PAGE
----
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A Referendum on Openness

February 21st, 2020 by dk

The rapid spread of the coronavirus has quickly morphed from a public health story to a public policy debate. As the disease nears pandemic proportions, it has become the touchstone for a worldwide referendum on openness versus control.

As if to underscore its place on this spectrum, China this week revoked visas for three journalists for The Wall Street Journal, in retaliation for a column written weeks ago by Walter Russell Mead. In his Feb. 4 column, Mead pointed out that China’s coming economic dominance is far more fragile than its leaders are willing to admit.

Before we get too smug on the matter of political openness, remember that the head of the Democratic party in Iowa assured a reporter that Iowa has “never been better prepared” for its quadrennial caucus. He also refused to divulge in advance who had written the new app they intended to use or how it had been tested.

Thanks to an army of reporters who suddenly couldn’t file stories about who had won the caucuses, it quickly became known that the app was written by Democratic operatives under the company name of “Shadow.” And that Iowa party leaders had refused to allow the app to be stress tested in advance, for fear of the system getting hacked.

Iowa Democratic Party Chairman Troy Price resigned after the caucus debacle, which demonstrates the importance of openness, even if it came too late for Price and for Iowa. China has handled their crisis very differently.

In December, eight doctors reported to Chinese officials that patients in Wuhan were getting sick with an untreatable virus. It resembled SARS, but known remedies weren’t working. Chinese leaders thought their reports made the government look bad, so these doctors were punished. One of them, Dr. Li Wenliang, has since died from the coronavirus.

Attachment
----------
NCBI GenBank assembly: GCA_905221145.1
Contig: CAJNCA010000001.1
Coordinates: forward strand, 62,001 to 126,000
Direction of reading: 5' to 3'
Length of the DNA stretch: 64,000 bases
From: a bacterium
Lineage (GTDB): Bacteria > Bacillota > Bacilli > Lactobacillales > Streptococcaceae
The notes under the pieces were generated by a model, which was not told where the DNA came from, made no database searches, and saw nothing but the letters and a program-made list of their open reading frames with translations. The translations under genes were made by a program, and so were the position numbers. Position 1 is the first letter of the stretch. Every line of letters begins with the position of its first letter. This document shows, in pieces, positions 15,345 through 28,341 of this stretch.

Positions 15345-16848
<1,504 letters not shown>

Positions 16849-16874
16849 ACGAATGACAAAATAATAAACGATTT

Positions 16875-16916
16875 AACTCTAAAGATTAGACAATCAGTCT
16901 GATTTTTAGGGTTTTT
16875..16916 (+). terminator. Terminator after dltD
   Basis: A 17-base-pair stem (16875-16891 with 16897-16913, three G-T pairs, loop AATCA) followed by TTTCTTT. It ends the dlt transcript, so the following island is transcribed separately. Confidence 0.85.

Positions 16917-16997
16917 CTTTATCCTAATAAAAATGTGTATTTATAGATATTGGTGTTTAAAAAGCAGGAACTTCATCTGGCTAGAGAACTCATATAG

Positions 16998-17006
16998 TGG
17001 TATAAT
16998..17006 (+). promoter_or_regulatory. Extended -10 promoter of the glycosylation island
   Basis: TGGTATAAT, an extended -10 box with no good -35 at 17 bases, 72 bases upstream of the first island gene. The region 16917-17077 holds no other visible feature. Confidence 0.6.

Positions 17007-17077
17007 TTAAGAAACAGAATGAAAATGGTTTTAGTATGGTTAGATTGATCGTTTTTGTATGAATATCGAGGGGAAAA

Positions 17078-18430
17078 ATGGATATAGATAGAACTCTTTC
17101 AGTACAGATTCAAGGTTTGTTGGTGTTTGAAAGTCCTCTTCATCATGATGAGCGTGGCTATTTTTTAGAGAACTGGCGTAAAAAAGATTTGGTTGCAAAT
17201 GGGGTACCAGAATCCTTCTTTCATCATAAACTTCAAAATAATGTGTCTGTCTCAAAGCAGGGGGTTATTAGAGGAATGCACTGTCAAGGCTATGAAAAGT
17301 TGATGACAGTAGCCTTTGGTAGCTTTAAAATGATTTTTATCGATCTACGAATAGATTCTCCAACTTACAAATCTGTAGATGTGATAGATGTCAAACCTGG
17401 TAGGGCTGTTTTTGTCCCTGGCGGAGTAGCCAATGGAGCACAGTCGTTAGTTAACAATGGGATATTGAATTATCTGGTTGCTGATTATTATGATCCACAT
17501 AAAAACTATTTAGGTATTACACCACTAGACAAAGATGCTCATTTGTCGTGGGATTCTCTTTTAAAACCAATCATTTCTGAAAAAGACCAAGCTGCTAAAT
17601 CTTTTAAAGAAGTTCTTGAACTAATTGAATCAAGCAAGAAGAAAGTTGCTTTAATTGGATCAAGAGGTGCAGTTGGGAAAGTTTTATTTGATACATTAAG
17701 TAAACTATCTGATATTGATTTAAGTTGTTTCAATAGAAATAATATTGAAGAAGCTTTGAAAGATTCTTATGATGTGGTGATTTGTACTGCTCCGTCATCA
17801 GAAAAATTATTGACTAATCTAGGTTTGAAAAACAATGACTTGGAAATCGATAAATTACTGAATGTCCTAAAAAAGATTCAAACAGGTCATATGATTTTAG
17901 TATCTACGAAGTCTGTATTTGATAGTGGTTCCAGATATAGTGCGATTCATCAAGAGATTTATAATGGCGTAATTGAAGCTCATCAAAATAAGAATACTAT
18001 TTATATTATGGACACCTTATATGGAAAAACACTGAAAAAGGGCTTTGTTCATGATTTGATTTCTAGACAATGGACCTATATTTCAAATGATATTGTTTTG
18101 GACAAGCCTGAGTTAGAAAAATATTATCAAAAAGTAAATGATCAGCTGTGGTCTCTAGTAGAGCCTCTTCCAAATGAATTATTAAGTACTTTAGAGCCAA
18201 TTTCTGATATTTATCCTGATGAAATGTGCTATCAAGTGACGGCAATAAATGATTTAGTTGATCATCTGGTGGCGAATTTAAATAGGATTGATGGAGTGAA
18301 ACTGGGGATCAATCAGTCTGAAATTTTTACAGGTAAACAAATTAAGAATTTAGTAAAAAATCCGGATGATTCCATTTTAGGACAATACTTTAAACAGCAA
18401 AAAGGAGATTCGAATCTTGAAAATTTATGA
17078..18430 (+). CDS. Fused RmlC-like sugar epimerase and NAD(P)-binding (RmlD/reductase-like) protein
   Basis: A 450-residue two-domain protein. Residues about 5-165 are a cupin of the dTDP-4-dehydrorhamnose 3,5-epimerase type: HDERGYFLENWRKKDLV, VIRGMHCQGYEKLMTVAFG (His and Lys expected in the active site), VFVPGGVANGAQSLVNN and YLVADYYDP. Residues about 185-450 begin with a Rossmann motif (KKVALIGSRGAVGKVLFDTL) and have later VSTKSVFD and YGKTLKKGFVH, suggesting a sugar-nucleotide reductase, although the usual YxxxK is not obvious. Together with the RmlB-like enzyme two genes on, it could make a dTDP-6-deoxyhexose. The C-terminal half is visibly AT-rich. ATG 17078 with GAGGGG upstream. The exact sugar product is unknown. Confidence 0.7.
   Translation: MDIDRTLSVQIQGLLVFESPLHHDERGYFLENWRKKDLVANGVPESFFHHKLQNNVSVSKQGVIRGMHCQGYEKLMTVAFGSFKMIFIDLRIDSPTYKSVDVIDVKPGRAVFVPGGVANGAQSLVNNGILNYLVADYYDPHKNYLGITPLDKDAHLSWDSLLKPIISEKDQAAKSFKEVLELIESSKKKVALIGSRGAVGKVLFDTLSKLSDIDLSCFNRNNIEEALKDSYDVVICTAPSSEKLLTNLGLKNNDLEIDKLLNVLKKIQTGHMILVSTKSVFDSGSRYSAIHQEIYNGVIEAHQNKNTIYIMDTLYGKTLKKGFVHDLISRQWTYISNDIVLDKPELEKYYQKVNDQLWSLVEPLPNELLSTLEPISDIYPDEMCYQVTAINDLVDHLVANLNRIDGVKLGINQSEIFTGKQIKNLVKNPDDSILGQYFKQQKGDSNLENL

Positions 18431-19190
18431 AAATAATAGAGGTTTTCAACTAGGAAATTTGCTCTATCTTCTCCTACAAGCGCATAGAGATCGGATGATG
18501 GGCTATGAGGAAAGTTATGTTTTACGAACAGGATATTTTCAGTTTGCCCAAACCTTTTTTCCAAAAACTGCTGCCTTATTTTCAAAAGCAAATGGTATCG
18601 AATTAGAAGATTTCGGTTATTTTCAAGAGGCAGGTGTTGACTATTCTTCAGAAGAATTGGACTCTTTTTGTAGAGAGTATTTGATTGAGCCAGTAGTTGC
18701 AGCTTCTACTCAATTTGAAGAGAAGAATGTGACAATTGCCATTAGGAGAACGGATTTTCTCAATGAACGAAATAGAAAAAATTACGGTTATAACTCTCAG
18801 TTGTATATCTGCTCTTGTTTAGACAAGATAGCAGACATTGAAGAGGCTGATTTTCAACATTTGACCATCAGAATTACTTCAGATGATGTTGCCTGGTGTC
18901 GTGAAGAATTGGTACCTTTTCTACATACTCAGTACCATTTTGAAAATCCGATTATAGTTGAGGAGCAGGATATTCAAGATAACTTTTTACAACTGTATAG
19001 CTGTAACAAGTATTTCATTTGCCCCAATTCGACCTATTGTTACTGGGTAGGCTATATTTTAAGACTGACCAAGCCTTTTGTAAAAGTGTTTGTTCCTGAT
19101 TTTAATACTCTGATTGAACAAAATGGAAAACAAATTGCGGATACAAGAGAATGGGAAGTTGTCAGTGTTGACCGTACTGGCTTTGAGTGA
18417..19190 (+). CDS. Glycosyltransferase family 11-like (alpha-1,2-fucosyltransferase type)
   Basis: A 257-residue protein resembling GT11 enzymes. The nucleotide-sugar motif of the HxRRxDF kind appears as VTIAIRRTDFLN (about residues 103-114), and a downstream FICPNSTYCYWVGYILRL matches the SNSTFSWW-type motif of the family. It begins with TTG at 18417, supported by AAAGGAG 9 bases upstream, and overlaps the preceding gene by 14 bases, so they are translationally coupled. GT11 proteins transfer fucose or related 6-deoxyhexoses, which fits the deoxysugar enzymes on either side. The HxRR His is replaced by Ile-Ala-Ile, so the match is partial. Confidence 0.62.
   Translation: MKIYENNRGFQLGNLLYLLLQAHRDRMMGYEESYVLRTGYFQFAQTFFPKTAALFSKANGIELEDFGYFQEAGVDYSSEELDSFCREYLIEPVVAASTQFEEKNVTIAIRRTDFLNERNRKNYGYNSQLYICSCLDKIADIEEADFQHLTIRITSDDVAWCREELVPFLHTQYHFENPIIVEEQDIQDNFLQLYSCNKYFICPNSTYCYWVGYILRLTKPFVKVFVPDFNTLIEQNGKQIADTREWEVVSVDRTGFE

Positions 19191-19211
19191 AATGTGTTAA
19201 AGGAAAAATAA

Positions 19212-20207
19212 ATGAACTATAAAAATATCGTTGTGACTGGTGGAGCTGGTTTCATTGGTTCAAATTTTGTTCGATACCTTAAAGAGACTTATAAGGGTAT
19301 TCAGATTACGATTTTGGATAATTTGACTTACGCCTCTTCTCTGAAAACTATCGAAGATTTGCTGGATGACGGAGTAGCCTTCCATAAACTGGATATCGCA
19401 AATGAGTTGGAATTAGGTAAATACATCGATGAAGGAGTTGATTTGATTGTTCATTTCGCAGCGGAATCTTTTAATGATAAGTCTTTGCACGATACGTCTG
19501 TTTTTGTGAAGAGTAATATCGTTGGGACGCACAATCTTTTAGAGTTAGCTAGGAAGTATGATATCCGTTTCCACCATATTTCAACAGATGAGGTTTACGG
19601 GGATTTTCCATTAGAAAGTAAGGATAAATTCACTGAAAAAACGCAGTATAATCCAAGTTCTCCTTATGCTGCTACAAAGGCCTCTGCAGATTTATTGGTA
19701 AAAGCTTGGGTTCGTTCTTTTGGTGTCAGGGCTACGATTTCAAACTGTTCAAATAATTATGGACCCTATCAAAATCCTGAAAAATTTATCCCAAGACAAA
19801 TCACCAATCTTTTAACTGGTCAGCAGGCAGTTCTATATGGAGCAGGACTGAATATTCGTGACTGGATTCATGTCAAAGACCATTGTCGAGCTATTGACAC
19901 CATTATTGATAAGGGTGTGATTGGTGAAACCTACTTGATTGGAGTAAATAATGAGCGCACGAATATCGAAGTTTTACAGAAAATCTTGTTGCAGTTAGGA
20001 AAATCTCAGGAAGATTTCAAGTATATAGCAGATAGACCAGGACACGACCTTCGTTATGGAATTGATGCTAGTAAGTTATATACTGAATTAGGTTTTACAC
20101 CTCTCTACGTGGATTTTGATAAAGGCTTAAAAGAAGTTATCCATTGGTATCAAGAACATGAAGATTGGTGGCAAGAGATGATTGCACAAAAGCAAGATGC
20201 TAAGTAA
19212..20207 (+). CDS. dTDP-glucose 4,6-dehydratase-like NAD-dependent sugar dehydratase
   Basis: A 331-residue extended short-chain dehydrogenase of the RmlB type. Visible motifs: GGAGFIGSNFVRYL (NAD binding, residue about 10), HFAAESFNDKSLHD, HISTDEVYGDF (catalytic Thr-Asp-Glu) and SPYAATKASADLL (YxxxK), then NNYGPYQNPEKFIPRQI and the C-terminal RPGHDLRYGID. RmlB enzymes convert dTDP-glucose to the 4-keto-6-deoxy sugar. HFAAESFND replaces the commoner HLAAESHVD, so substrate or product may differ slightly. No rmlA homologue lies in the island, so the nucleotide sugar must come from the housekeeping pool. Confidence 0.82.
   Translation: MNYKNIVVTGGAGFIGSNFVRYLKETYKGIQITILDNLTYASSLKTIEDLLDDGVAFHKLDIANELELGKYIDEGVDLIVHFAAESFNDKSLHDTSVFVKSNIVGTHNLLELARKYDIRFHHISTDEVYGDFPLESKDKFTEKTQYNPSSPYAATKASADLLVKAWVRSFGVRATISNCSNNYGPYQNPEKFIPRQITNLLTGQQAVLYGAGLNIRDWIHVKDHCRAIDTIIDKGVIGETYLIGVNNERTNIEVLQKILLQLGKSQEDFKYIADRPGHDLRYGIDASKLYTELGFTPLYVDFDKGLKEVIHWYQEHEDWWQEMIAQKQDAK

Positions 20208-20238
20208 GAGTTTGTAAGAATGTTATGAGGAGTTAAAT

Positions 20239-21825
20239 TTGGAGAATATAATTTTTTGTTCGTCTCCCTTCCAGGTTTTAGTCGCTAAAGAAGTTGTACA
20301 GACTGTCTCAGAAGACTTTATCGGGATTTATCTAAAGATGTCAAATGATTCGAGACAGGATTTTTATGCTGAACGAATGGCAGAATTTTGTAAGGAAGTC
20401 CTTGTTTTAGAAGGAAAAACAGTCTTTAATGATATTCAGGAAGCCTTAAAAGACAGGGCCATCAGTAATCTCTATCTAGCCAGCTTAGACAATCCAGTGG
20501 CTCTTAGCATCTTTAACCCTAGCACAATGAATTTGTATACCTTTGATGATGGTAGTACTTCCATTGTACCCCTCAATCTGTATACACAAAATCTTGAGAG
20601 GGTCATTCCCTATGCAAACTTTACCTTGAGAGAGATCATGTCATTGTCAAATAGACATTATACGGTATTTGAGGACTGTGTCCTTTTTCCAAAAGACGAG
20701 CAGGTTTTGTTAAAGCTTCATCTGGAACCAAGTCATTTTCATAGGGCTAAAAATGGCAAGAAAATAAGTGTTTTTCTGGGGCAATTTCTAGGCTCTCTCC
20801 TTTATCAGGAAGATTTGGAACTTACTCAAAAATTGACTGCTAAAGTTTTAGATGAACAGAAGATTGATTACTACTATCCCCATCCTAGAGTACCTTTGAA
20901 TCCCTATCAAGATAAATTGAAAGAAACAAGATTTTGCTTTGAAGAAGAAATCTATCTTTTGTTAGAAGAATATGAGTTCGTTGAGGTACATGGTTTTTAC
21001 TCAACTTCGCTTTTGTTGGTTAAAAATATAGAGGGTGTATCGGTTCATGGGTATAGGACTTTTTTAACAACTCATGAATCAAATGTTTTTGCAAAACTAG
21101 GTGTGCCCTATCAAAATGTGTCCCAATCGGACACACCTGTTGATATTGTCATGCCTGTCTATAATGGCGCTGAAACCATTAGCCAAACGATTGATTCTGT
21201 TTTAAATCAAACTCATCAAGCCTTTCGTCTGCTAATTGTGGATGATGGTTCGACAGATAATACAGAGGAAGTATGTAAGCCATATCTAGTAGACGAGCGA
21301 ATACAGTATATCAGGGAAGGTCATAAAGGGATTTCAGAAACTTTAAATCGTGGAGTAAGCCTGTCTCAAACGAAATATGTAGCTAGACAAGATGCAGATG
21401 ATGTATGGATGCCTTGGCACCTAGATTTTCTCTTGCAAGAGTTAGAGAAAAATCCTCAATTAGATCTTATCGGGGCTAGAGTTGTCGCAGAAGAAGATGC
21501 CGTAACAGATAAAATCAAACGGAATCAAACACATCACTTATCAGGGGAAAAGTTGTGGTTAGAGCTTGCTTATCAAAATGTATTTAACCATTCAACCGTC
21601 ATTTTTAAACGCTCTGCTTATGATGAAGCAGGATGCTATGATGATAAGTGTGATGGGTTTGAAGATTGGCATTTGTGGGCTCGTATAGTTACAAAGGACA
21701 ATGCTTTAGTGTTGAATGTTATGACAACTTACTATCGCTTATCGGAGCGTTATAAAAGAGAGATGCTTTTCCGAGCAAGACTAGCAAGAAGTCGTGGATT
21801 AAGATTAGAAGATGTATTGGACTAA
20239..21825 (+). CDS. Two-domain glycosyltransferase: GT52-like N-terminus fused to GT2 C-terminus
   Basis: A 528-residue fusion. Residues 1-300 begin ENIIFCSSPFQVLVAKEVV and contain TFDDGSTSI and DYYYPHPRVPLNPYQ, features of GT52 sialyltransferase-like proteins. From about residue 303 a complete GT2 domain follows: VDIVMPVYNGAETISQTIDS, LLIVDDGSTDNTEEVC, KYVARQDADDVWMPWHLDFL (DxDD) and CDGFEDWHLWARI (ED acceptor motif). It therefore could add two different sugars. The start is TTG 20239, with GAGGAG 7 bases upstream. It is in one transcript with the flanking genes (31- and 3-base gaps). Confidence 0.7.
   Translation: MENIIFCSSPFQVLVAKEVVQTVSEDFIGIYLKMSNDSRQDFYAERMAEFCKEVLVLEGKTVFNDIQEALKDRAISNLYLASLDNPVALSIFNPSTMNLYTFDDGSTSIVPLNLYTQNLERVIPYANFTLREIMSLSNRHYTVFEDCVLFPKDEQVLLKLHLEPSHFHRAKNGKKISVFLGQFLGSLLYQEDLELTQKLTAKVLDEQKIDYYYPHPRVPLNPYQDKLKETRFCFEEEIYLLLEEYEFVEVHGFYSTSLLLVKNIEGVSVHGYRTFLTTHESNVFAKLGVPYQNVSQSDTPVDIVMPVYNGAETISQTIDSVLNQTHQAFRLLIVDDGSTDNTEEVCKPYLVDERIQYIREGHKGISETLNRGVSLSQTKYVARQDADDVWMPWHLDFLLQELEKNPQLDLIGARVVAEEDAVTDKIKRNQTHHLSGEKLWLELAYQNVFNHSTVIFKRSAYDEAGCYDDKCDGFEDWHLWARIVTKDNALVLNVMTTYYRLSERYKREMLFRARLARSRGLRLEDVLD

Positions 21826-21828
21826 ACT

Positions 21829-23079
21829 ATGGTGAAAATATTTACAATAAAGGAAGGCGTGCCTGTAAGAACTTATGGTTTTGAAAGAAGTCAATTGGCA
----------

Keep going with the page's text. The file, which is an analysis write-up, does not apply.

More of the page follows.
In between the coronavirus story and the Iowa caucuses came another news event that turned on this same axis. After years of forensic studies, it was determined that the sprawling identity theft from Equifax in 2017 came from hackers sent by the Chinese government.

The Equifax data breach exposed the identities of 145 million Americans. It was all caused by Equifax’s failure to install a software patch. The open-source software association Apache announced the software patch in March of 2017. The hacking began in May.

So the contours of this international debate began almost three years ago. Apache was open about the vulnerabilities of its software and issued a free software upgrade that fixed the problem. Equifax was less forthcoming about its diligence to protect its customers’ accounts.

China took advantage of Equifax’s opaque corporate culture. When no announcement had been made of the upgrade, China’s hackers began probing. They exploited the vulnerability and then covered their tracks, using Equifax’s opacity to its advantage twice.

The lesson for China, Equifax, and Iowa’s Democratic leaders is the same. The sooner a wide range of people know about any vulnerability, the better defended everyone can be. Unfortunately for Wenliang, his willingness to warn others cost him his reputation. And then it cost him his life.


Don Kahle ( writes a column each Friday for The Register-Guard and blogs at

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